Kangra, Kāṅgrā: 2 definitions
Kangra means something in the history of ancient India. If you want to know the exact meaning, history, etymology or English translation of this term then check out the descriptions on this page. Add your comment or reference to a book if you want to contribute to this summary article.
India history and geographySource: Knowledge Traditions & Practices of India: Architecture (2): Medieval & Colonial Architecture
Kangra (Himachal Pradesh) is the name of a Fort (durga) constructed by the Rajputs: creative builders who erected some of the most illustrious and impressive forts and palaces throughout northern India.—The Kangra Fort was built by the royal Rajput family of Kangra (the Katoca dynasty), which traces its origins to the ancient Trigarta kingdom mentioned in the Mahābhārata. It is the largest fort in the Himalayas and probably the oldest dated fort in India. The fort was first mentioned in Alexander the Great’s war records, which would bring it to the 4th century BCE.Source: Knowledge Traditions & Practices of India: Painting: A Survey (h)
Kangra refers to an important centre and sub-school of Pahari: an ancient school of Indian painting.—The Kangra paintings are as romantic as Kālidāsa’s descriptions of the mountains. In the Kangra School, Indian miniature paintings reached the zenith in the depiction of the Kṛṣṇa and Śiva legends. The colours were extracted from minerals, plant sources, conch shells, and even by processing precious stones; gold and silver were also used. The preparation of desired colours is a lengthy process, sometimes taking weeks.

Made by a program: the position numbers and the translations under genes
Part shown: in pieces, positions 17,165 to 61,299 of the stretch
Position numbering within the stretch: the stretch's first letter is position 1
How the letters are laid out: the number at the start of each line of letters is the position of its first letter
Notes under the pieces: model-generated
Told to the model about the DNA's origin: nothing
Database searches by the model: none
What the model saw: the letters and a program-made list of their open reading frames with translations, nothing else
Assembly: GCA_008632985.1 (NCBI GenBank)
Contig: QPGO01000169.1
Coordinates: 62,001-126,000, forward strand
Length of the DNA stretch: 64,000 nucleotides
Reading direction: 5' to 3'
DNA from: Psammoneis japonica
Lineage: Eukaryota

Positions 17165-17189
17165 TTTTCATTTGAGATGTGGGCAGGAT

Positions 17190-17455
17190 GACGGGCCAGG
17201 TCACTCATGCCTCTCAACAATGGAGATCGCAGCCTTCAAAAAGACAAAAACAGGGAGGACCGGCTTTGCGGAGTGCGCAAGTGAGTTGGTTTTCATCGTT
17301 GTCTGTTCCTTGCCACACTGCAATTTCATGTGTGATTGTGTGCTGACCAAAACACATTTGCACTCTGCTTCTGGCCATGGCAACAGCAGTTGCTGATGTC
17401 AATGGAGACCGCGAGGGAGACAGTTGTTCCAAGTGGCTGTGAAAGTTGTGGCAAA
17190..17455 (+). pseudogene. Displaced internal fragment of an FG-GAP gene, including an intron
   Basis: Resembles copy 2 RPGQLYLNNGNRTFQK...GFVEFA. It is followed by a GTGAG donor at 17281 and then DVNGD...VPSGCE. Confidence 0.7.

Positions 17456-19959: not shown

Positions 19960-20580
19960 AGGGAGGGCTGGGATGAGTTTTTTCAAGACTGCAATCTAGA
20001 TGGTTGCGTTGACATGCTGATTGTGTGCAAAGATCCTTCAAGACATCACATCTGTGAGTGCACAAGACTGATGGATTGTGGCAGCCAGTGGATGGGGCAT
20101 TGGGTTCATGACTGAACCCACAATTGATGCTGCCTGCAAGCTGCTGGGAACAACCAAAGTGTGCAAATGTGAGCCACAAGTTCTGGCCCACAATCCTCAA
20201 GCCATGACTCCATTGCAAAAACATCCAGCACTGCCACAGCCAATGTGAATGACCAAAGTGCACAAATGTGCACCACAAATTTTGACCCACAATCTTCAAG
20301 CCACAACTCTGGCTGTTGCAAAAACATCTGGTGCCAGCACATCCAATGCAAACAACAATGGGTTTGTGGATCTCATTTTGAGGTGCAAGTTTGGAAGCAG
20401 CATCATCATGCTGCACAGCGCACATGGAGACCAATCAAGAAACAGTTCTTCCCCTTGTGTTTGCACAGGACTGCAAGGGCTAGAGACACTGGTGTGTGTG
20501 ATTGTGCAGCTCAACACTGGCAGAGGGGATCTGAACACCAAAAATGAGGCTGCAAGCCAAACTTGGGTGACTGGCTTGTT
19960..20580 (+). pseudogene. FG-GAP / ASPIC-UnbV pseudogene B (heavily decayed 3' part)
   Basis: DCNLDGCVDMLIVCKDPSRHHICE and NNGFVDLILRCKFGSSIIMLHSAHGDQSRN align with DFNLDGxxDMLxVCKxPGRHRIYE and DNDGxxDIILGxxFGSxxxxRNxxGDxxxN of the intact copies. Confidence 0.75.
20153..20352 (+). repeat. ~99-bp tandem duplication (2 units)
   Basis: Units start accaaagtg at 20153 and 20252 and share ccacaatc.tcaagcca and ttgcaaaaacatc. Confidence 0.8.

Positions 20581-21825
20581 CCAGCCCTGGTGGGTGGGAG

The history of India traces the identification of countries, villages, towns and other regions of India, as well as royal dynasties, rulers, tribes, local festivities and traditions and regional languages. Ancient India enjoyed religious freedom and encourages the path of Dharma, a concept common to Buddhism, Hinduism, and Jainism.
See also (Relevant definitions)
Search found 14 books and stories containing Kangra, Kāṅgrā; (plurals include: Kangras, Kāṅgrās). You can also click to the full overview containing English textual excerpts. Below are direct links for the most relevant articles:
Abhinaya-darpana (English) (by Ananda Coomaraswamy)
Selected Examples of Indian Painting and Sculpture < [July-August 1931]
Selected Examples Of Indian Painting And Sculpture < [January-February, 1930]
“Today” < [April 1959]
Naishadha-charita of Shriharsha (by Krishna Kanta Handiqui)
Puppetry in Assam (by Gitali Saikia)
Blue Annals (deb-ther sngon-po) (by George N. Roerich)
Chapter 2b - Kyungpo Naljor disciples (iv): sangs rgyas ston pa < [Book 9 - Kodrakpa and Niguma]
Satapatha-brahmana (by Julius Eggeling)